Television Review: How to Buy a Football Club
Dispatches: How to Buy a Football Club
July 8, 2011 (Channel 4, 8pm)
Tonight’s Channel 4 episode of Dispatches promised much but ultimately proved to be a disappointment, subtitled as it could have been, “How to pretend to buy a football club from some dodgy geezers in a theme pub”.
That’s not to say the whole concept of club ownership in England isn’t rotten to its core of course, but the overwhelming feeling as Bryan Robson abused his role as Global Ambassador for Manchester United was one of weary sadness rather than outrage.
I for one didn’t really take seriously the claims of shady consortium London Nominees Ltd to have the wherewithal to broker deals to buy clubs – 9 in all were mentioned and the business that eventually came “closest” to falling into the hands of the investigative journalists, Sheffield United, remained unprocured at the end of the hour long show (this after their cross city neighbours Wednesday had been discussed as a proposition earlier in the piece).
Of course that may be because Channel 4 and their own almost equally shadowy front man Mr. Gupta were never going to stump up the cash, but as the hour wore on, the programme’s makers became increasingly sidetracked by an attempt to pin something – anything – horrible on Sir Alex Ferguson.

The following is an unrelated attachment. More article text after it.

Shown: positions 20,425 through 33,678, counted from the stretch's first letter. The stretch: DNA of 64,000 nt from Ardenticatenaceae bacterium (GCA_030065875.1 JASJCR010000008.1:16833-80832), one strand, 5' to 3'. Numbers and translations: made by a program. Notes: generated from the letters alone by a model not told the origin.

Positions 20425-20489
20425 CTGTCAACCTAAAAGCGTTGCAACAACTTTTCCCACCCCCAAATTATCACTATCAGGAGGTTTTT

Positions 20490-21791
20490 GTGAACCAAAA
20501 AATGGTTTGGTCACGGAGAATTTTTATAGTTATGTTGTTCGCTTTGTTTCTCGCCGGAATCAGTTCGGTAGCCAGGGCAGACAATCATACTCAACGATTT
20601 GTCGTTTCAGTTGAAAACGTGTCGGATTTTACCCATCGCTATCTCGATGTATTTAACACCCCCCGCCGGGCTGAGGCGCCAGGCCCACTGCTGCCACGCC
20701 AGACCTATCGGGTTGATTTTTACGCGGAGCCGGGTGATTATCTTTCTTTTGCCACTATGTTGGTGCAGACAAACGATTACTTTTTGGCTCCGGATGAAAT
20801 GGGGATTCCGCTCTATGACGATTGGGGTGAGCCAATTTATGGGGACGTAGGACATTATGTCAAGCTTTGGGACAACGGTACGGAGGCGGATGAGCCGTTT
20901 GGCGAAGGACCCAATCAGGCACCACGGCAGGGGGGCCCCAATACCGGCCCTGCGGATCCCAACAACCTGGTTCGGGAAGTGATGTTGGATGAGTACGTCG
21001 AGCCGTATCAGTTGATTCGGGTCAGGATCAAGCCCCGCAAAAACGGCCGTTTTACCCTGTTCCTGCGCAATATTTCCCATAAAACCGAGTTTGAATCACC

But it’s no surprise that Fergie must be subject to the attentions of the odd hanger on and the programme’s chief villain: businessman and advisor to the Thai FA Joe Sim became steadily and increasingly desperate in his claims to be a mate of the Scotsman. Minutes were devoted to exploring the relationship between the men and fleeting references to Sim’s “friendships” with others within the Aberdonian-Red Devils Complex (plus Kenny Dalglish) – all vigorously denied.
That time might have been better spent analyzing Leicester City owner Vichai Raksriaksorn’s relationship with Sim (if indeed they exist at all in reality) as well as his links to the likes of Peter Lim, the Singaporean who made an attempt to buy Liverpool in 2010, but these were mentioned all too briefly.
What we were left with was the sad tarnishing of a legend in Robson – his reputation already embattled after a spell managing the aforementioned Blades a couple of years back – and yet more certainty that fan ownership is the way forward wherever possible – but Channel 4 should have eschewed the hunt for viewing figures and left the Fergie sub-narrative alone.